The Social Impact of the Vietnam War

Topics: Vietnam War, Posttraumatic stress disorder, Anti-war Pages: 7 (2566 words) Published: December 21, 2010
Social Impact
of the
Vietnam War

Jess Carrignan
December 10, 2010
A.P. U.S. History
Changes in societies have occurred since the very first civilizations and continue to occur today. Each society is a reflection of the art and music, as well as the people and their values and beliefs of the people of the time. The social structure of the people is very much shaped by the events that occur during that particular generation. Often in history major events such as wars and natural disasters are the defining factors that influence and shape that particular society. Here in the United States our society is certainly no exception. It has been constantly changing since the very early days of the Pilgrims. One such event that shaped and defined the society of its time was the Vietnam War which brought about one of the greatest, massive and rapid changes to American society. The Vietnam War, fought between 1955 and 1975, was one of the most grueling and devastating wars America has ever fought. The death toll of American soldiers was greater than that of all other previous wars fought with other countries. Countless numbers of Americans were killed as they suffered dangerous and harsh condition. The home front during the war was just as chaotic and brutal. The war brought about drastic changes to all aspects of the United States, both political, economic, and most notably, social. The effects of the Vietnam War were seen throughout the country as Americans rose up in protest against the war. The social changes brought about by the Vietnam War forever shaped and defined American Society and culture by acting as a catalyst to the counterculture movement in the sixties and a shift in art, music and education. The social impact of the Vietnam War was profound; its affects reverberated throughout the nation, instilling new values and beliefs, influencing music, art, and education and impacting family life, shaping the culture of American society far beyond that time period.

One result of the Vietnam War was a radical change in American’s values and beliefs. This time period is often referred to as the “era of the hippies”. A hippy was the label given to those who rejected the traditional social values of the society and promoted the values of peace, love and unconditional freedoms. They were known for their unconventional living styles and dress, as well as their enthusiasm to partake in recreational activities such as sex and drugs. To the older generations who strongly held firm to their values of patriotism and conservatism, this movement was seen as offensive and vulgar. The war was the underlying cause for the hippie movement, as the very origins of the hippies came from those who actively opposed the war and believed in pacifism instead of violence. This antiwar atmosphere caught the attention of the younger generations and soon caught on, spreading throughout the country. The devastation occurring over in Vietnam only further provoked the antiwar activists and hippies who fueled the growing change in American society, bringing about the counterculture movement of the sixties. Americans began to distrust the United States government, believing the justifications behind the war were corrupt. This led to protest not only against the war, but against the government itself. “What it did was it gave people more of a thought that they could protest against the government and what it was doing.” The various scandals exposed throughout the war further fueled the distrust and anger and led many to believe that change was necessary. The counterculture movement reflected the growing change in beliefs and values that were brought on by the war. The social conservatism and strong sense of patriotism and pride for America that was seen predominately throughout the forties and fifties was beginning to be replaced by the ideas of liberalism and freedom, shared by the younger generations. The younger generations began to see...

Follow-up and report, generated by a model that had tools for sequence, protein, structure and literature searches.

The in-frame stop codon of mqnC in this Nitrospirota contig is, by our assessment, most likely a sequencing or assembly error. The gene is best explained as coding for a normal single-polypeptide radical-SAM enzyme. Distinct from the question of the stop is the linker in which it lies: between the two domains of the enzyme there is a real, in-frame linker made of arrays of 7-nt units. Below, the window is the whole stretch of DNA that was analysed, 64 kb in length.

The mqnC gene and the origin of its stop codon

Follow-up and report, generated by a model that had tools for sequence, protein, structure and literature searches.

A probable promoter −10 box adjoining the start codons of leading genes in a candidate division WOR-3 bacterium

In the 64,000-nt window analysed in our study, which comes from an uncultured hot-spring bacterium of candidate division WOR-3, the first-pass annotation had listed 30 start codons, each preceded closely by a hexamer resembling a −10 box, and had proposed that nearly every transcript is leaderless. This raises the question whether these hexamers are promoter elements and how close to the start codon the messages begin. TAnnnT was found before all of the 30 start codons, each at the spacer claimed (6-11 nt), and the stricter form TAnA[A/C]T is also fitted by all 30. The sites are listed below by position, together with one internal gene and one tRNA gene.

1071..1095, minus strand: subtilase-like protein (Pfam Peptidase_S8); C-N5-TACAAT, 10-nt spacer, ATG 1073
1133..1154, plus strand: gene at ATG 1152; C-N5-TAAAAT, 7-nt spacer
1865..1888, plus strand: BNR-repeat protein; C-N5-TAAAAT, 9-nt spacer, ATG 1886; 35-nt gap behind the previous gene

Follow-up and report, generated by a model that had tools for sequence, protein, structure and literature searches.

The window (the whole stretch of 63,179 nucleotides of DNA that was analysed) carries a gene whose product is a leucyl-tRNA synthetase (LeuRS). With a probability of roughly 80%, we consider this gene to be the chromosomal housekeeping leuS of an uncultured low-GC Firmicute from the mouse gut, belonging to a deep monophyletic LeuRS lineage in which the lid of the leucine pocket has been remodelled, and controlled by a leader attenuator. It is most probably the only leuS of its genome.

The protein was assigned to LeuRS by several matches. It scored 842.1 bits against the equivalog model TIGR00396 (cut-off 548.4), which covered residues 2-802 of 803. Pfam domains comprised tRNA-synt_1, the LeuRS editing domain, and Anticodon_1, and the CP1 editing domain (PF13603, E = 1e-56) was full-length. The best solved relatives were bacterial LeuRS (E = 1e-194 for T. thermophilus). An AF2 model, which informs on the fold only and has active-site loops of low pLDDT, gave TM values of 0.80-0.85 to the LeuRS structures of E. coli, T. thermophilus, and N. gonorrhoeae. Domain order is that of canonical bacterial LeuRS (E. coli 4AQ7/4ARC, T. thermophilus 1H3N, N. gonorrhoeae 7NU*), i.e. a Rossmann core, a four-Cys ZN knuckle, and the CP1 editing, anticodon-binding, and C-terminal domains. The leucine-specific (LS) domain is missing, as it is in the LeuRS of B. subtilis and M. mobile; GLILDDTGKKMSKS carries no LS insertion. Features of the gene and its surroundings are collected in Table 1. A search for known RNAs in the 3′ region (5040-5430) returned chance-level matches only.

Bibliography: Treaster, Joseph B. 1966. "G.I. View of Vietnam." New York Times Magazine, October 30, 1966:100
Schiraldi, Glenn
Sitikoff, Harvard. "The Postwar Impact of Vietnam."
John Deming, Interviewed by Jessica Carrignan, December 16, 2010
"Counterculture: Encyclopedia - Counterculture." (16 November 2010)
"Vietnam War: Encyclopedia - Vietnam War." (16 November 2010).
Anderson, JW
"Vietnam War." (16 November 2010).
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